So after paying my respect at Jwalamukhi temple, we proceeded towards Kangra. The divine flames of Jwalaji had filled our heart with energy and positive feelings. We were very happy and in good mood for our onwards journey to Kangra.
The route from Jwalamukhi to Kangra (35 Kms) is scenic and dangerous. This is the only patch in this area which has many solid mountains otherwise at this height, we find only the lose stoned hillocks which are prone to landslide during monsoon.
We by-passed Rani Taal, a railway station for the toy train coming from Pathankot. Just after Rani Taal, a road towards left goes to Masroor, the famous mini ellora of Himachal. We continued on the main road towards Kangra and Dharmshala.
We crossed the only tunnel in the way and after the tunnel, we were welcomed by beautiful and green valley. The toy train railway track crosses way many times. We waited for some time to take a photo of the toy train, but were disappointed.
As on way to Shimla, this route is also infested by monkeys. Many cars stop there and throw eatables to monkey despite the fact that at many places the administration has barred people to give eatables to monkeys. This causes many accidents and feeding the monkeys, disturbs their natural habits as they stop searching for food and wait for the people to give them food, which is not suitable for their stomach. Thanks to Maneka Gandhi, the population of monkeys has increased manifolds.
Any moment we halted, a group of monkeys would appear from no where and see towards us, as if asking – अबे कुछ खाने को देगा क्या ??
We ignored the monkeys and continued our journey towards Kangra. One has to drive very carefully on this road, because the road has sharp curves, heavy traffic and deep gorges. This road is also infamous for fatal accidents. The sides are so steep that if a vehicle skids off the road, it will reach the ravine, by air… as the mountains are wall like at many places.
We were fast approaching Kangra and the Kangra Fort was visible. Earlier when I brought my son to Jwalaji, my son got a promise that I will show him Kangra fort too. My son had no interest in temples, but deep interest in history. We had then visited Kangra Fort and were fascinated by its magnificence.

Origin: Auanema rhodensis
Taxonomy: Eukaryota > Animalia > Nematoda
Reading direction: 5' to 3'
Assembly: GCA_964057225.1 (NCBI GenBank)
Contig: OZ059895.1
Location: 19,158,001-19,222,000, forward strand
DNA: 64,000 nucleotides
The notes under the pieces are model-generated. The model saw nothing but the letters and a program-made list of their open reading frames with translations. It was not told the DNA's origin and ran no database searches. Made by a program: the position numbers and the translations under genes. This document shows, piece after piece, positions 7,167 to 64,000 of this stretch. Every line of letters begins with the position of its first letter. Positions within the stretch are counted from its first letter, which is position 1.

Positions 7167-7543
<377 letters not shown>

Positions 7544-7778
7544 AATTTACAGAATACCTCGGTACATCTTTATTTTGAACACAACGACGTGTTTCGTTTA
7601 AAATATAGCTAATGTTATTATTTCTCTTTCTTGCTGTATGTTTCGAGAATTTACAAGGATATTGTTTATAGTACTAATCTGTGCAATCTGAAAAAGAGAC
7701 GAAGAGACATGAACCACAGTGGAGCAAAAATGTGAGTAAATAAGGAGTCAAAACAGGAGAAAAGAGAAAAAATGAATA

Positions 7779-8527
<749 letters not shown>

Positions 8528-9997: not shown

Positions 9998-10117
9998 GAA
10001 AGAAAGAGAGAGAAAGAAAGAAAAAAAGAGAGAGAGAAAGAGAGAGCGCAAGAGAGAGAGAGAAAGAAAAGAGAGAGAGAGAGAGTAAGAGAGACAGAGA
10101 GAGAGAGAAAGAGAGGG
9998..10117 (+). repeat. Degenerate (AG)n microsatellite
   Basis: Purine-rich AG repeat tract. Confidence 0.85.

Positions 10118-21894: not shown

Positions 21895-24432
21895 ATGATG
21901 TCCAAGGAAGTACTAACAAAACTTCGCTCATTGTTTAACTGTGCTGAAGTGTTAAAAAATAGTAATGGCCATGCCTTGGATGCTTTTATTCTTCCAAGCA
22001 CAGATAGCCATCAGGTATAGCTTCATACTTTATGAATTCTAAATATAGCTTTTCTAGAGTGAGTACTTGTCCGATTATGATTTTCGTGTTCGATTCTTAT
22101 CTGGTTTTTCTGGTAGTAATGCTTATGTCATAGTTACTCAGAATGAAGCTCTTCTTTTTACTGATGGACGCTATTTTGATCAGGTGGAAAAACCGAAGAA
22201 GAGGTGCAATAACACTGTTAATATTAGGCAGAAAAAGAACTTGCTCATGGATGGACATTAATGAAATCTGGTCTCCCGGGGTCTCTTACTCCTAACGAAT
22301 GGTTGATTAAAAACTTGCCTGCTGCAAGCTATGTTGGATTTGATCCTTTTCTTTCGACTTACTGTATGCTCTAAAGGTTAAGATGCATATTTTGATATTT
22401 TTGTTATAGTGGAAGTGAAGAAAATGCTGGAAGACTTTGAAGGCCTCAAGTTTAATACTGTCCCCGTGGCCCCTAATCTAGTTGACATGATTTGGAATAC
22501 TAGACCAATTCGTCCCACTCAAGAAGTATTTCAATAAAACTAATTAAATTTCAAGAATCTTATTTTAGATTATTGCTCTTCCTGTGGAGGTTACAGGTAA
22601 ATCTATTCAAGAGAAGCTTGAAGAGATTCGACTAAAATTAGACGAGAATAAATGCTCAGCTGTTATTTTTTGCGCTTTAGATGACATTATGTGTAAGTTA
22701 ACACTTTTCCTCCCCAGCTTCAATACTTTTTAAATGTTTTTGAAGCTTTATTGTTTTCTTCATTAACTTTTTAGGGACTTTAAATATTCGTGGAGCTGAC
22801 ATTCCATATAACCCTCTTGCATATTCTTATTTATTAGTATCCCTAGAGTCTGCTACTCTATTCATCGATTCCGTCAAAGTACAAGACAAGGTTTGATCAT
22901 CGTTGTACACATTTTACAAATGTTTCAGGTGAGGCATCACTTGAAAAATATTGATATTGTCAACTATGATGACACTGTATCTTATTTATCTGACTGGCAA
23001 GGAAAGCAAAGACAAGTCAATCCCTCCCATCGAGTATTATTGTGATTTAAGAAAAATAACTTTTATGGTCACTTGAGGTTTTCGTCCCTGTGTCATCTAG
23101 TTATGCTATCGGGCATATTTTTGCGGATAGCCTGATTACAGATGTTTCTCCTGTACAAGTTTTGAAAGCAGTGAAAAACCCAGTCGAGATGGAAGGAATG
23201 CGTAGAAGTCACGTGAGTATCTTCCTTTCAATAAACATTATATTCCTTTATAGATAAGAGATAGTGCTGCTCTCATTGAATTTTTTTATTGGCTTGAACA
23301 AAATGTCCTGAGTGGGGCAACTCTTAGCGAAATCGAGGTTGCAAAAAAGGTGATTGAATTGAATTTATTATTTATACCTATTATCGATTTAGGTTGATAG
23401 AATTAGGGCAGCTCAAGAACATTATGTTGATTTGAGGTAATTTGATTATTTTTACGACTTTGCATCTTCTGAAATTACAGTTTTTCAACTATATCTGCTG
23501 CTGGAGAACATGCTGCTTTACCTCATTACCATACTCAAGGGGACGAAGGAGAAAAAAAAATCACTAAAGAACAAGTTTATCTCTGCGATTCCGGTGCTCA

Kangra fort was built by Katoch rajputs of Kangra and was almost invincible, due to its mere geography. The fort is situated on a wall like mountain, surrounded by a deep and fast flowing Baan Ganga river from three sides. Fourth side had dense forest. Many Muslim invaders tried to win it but were always defeated.
It was due to treason of one minister of the king that the fort was finally won by Jahangir, the mogul king. The traitor minister asked moguls to make him the king and revealed the secret entry point to the invading army. However, the minister was beheaded by the invading army after conquering the fort. A good lesson for traitors !!
It was after the fort was conquered that the mogul army destroyed and looted the famous Kangra temple of Brajeshwari Devi, where we would be going next.
The toy train bridge crossed our way for the last time. The high beams supporting the railway tracks were still strong enough to carry the weight of the train, even after 100 years… tks to British
After crossing the old iron bridge over Baan ganga, we entered the beautiful city of Kangra.
On reaching Kangra, we entered the busy bazar and there was a car parking near the bazar leading to Brajeshwari Devi.
Brajeshwari Devi or Nagarkot ki Devi temple is historic temple in Kangra valley. This temple alongwith Chintapurni and Jwalaji, makes a perfect Shakti Trikone, which is adored by all Devi Bhaktas. This Shakti Trikona is mentioned in our scriptures as Jallandhar Peetha.
Passing the long bazaar we reached the main temple. Brajeshwari Devi is a deformed name of Varah-Yogini.
It is also said that left breast of Sati fell here hence it is also a shakti peetha. Pandavas when came to the village of Nagarkot (now Kangra) they saw a dream of Durga who asked them to make a temple in her name.
This magnificent temple was looted several times, but each time it was re-built with more galore. The first of the plunderers was Mahmud of Ghazni, who looted it in 1009. A mosque was built on the ruins and a garrison was left behind. 35 years later, the local king regained its possession. The shrine was repaired and a replica of the idol was enshrined. The temple was filled with gold, silver and diamonds only to be ransacked again in 1360 by Firoz Tughlaq. Later Emperor Akbar visited the shrine with his dewan, Todar Mal and restored it to its former grandeur. The temple was razed to the ground by an earthquake in 1905, but a new one came up the very same year, thanks to the Kangra Restoration Committee
This time also the temple was full of people and a long que before us. Lakshman revealed that he knew someone here who can arrange early darshans for us. But I declined the idea, as I did not want any special favours or any dishonesty in entering the temple.
I had come to this temple after some 10 years and I remembered that Dhauladhar snow range was visible from inside the temple…but that scene was missing now, due to clouds perhaps.
Like in other temples, this temple too had a very old banyan tree. People had been tieing red Chunnis as a request to the goddess to fulfill their wishes
In about one hour we were out after having darshan of the Pindi of Brajeshwari Devi. On Lohri day, each year this pindi is worshipped with butter, ritualistic applying of balm on the wounds of Durga, after her fight with Mahishasura.
We came out of temple, had some refershments in Kangra bazaar and started our onwards journey towards Palampur